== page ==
In 2006, the British actress whose first appearance on film was in Derek Jarman's Caravaggio, and whose first moment of fame was as Sally Potter's Orlando, Tilda Swinton (now known as the Narnia witch), made this desperate plea at the San Francisco International Film Festival: "Can I be alone in my longing for inarticulacy, for a cinema that refuses to join all the dots? For an arrhythmia in gesture, for a dissonance in shape?... The figurative cinema's awkward and rather unsavory relationship with its fruity old aunt, the theater, to her vanities, her moues, her beautifully constructed and perennially eloquent speechifying, her cast-iron, corsetlike structures, her melodramatic texture, and her histrionic rhythms. How tiresome it is; it always has been. How studied. The idea of absolute articulacy, perfect timing, a vapid elegance of gesture, an unblinking, unthinking face. What a blessed waste of a good clear screen, a dark room, and the possibility of an unwatched profile, a tree, a hill, a donkey...."
Much of what Swinton longs for can be found in Alexandra, the latest film by the director of Russian Ark, Alexander Sokurov. Here, the theatrical element of the film is subordinated to imperfect timing, graceless gestures, and things—a dress, a pool of gun oil, a bullet, a rusty rifle, black smoke, worn clothes, concrete rubble, dusty boots.
The movie's dots are, however, connected: A babushka visits her grandson at his army base in Chechnya. Though battle weary, the grandson is happy to see his grandmother. He shows her the camp, the inside of a tank, and the men below and above his rank. The babushka is confident, her face expresses a strong will, and her shapeless body is a mother-magnet to young, motherless soldiers. While her grandson is on patrol, she goes out of the camp for a walk. She visits a strange market, meets a Chechen grandmother, and is invited to her apartment for refreshments and a rest. The unification of the grandmothers is the center of a sequence that is directly political. When the babushka returns to the camp, guided by a Chechen boy, we reach the end of a sequence that clearly transmits the movie's antiwar message.
Those are Alexandra's connected dots. The movie also has a frame that concerns the movement of art. The babushka happens to be, in reality, one the greatest opera singers of the 20th century, Galina Vishnevskaya. She and her husband, Mstislav Rostropovich (an internationally recognized cellist), were not only close to the Russian composer Dmitri Shostakovich but also to the novelist who rose to fame during the post-Stalinist thaw, Alexander Solzhenitsyn. The author's stay at Vishnevskaya/Rostropovich's dacha (country home) cost them their high position in the Soviet Union and resulted in a nearly two-decade-long exile in the West (1970s and 1980s). As the Berlin Wall fell, Rostropovich sat playing his cello next to it.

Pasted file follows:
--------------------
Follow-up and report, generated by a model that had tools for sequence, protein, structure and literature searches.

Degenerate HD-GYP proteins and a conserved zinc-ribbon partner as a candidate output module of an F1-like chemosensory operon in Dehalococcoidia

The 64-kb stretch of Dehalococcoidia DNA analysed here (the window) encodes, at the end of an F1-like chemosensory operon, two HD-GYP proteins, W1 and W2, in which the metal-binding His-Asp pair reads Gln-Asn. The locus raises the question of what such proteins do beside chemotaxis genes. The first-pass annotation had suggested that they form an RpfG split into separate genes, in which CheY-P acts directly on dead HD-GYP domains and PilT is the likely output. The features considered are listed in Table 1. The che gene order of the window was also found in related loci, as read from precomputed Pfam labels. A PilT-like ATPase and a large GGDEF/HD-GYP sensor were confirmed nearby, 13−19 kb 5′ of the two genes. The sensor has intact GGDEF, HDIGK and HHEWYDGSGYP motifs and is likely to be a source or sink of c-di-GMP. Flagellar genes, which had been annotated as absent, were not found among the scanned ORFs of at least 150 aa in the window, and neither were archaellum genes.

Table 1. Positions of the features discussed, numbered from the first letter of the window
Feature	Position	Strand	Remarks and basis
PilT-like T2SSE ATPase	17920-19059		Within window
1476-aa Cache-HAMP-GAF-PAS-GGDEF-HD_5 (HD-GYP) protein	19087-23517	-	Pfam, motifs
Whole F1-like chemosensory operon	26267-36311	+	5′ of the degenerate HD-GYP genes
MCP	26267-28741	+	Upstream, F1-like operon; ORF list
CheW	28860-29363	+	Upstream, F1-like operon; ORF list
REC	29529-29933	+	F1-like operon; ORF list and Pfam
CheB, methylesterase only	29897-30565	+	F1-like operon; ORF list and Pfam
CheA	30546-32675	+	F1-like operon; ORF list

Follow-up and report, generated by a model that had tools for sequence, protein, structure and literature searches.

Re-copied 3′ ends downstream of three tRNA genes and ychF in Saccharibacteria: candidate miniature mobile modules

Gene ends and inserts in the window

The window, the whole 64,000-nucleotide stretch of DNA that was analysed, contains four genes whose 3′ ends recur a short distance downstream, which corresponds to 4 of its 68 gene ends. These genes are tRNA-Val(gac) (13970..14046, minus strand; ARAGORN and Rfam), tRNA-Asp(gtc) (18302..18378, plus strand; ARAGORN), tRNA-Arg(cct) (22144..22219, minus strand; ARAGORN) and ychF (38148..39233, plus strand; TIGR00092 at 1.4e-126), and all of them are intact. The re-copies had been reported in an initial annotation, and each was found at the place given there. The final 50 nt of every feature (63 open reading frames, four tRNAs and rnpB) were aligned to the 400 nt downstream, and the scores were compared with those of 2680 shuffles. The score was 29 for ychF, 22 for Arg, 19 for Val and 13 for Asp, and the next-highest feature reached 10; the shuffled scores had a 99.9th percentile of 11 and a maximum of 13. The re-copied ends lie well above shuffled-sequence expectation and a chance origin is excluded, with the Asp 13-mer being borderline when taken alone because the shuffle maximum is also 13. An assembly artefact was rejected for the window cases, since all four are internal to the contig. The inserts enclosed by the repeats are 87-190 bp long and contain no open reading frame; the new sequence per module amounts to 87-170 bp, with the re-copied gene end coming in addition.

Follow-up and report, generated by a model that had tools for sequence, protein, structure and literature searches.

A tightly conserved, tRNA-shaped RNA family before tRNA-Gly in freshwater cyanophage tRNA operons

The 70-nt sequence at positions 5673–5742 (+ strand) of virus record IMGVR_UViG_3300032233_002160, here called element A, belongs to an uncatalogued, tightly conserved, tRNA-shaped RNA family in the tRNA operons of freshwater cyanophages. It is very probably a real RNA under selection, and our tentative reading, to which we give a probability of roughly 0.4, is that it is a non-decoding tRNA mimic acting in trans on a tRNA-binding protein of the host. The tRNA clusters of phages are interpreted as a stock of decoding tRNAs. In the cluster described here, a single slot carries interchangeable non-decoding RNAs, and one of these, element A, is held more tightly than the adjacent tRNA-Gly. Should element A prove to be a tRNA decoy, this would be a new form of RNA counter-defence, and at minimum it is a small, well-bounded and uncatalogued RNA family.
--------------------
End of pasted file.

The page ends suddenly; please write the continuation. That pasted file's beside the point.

In sum, the babushka we see at the beginning of the film—riding a rattling train through the moonless night, being helped into a mean metal tank, dragging her banged-up roller bag toward the army base—is in fact a living ark of Russian art. It is art that is visiting the army, the young captain, the bomb-damaged city. It is art (and not a mother) that soldiers admire and can't stop looking at. But art is no stranger here, in the miserable land of war. "There is no document of culture that is not at the same time a document of barbarism," wrote Walter Benjamin. In Alexandra, art must confront this truth and be made sensitive to the suffering of humankind.
After the connected dots and the frame of art, we are left with lots of the magical stuff that Swinton longs to see in movies: "The long shot, the space between, the gaps, the pause... The occasionally dropped shoe off the heel, the jiggle to readjust, the occasionally cracked egg, the mess of milk spilled. [The] loss for words...." Because the acting plays a very small role in Alexandra, the cinema is free to flourish.